Project

Before we learn about Work Breakdown Structure and Gantt Chart, let us agree on the definition of “Project”. A project is group of works that are done within certain interval of time. An example of project would be renovating your home. It is a group of works (buying new furnitures, repainting walls, installing doors, etc) and done within certain interval of time (you probably set aside 1 to 3 months for this renovation). Now an example for work that is not a project is doing chores. You do a lot of works in a chore (dishwashing, vacuuming, cooking, etc) but it is not done within certain interval of time. You won’t set aside just three months to do chores everyday then not doing it anymore after those three months has passed. Your house would be mess! Therefore, it is not a project. Doing chores would be called an “operation”. A group of works that are done repeatedly without a known end time. Anyway, let’s get back to the topic!

Work Breakdown Structure & Gantt Chart

Now that we agreed what a “project” is and how they are different from “operation”, we can move on to learning about Work Breakdown Structure and Gantt Chart.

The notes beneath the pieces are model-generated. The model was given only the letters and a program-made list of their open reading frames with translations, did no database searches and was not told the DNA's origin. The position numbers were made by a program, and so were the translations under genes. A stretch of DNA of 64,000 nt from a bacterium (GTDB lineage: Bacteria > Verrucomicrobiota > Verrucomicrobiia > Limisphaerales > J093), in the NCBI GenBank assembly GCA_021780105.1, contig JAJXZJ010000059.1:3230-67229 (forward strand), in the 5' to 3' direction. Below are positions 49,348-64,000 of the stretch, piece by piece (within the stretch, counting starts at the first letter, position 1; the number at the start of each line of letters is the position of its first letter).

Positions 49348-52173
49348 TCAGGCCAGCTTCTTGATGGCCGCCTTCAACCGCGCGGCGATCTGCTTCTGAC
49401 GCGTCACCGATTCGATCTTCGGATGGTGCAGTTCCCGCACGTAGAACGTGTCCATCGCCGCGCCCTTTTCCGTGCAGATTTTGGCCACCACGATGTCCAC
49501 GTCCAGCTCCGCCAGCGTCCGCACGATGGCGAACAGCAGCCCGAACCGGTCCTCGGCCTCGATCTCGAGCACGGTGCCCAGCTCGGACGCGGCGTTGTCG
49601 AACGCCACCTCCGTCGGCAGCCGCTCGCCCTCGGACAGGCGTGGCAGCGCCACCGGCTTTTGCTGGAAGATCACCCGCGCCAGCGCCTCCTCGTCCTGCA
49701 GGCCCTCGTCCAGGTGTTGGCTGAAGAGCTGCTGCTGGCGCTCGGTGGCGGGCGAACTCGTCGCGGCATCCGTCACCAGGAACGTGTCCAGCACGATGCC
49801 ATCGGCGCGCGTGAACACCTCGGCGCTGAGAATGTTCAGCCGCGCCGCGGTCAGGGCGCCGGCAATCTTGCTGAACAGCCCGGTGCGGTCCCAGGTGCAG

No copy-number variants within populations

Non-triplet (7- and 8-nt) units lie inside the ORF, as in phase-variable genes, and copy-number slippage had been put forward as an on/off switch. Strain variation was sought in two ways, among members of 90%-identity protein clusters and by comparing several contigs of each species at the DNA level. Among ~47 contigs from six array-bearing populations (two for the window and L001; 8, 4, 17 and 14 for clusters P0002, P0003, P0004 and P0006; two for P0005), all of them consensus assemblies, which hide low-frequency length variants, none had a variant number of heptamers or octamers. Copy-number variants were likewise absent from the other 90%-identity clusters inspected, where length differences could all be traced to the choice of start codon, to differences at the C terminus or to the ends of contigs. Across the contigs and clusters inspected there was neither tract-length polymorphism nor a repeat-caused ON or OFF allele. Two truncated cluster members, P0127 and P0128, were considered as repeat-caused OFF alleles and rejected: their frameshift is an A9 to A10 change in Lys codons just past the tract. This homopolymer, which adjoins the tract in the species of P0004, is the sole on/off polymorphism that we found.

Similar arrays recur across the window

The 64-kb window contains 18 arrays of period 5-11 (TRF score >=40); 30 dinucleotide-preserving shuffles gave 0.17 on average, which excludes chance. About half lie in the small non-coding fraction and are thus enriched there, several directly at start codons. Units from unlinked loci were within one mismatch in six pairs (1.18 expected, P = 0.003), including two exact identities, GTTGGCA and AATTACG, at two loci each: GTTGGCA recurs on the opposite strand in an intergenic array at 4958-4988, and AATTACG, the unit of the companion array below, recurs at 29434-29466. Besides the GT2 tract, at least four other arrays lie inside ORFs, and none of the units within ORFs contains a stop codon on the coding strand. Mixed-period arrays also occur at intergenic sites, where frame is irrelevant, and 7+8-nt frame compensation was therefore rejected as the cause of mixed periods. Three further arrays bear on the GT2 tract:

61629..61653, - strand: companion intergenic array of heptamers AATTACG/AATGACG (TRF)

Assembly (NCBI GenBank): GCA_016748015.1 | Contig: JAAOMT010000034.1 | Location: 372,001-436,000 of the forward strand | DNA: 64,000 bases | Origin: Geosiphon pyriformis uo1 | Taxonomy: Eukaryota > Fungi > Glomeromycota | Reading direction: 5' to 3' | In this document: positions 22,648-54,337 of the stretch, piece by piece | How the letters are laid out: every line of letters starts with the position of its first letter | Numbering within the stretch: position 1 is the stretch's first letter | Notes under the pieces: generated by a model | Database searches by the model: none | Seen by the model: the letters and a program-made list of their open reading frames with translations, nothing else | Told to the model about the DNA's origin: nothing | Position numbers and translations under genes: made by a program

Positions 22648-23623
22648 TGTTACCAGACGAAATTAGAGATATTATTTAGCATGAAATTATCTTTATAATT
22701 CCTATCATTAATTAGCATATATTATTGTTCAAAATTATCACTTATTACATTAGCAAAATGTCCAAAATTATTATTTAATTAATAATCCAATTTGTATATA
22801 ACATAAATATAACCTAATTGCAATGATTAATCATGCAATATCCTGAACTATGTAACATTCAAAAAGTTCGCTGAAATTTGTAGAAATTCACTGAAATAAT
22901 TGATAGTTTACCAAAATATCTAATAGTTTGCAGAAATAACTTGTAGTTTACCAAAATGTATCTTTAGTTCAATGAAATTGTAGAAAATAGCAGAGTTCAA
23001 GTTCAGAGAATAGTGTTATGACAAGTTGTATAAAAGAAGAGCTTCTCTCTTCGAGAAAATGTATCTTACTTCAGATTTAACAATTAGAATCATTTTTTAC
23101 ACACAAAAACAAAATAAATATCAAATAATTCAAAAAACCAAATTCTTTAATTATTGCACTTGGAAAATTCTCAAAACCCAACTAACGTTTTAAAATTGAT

Work Breakdown Structure, also known as WBS, are the list of all the tasks needed to complete a project, grouped using certain category. Gantt Chart are the visualization of timing and relationship of all those tasks in WBS. Simple enough right? If you are using those two tools, working a project won’t be so stressful anymore! Now we are going dive deeper on both of those tools. Let me start with WBS first.

Work Breakdown Structure (WBS)

This is how WBS looks like:

WBS of “Writing Essay” project

By just looking at it, you can see all the tasks that are needed to be done to complete the project. There are three level of task in WBS: (1) project, (2) main task and (3) sub task. In the WBS above, the project are “Writing Essay”. Remember that a project is just group of tasks. The main tasks are “Ideation”, “Drafting”, “Revision”, and “Submission. Its subtasks are “Brainstorm ideas”, “Create outline”, “Research”, etc.

Also notice the type of words used to write the main tasks and sub tasks. Main tasks are written using noun, while sub tasks are written using verbs.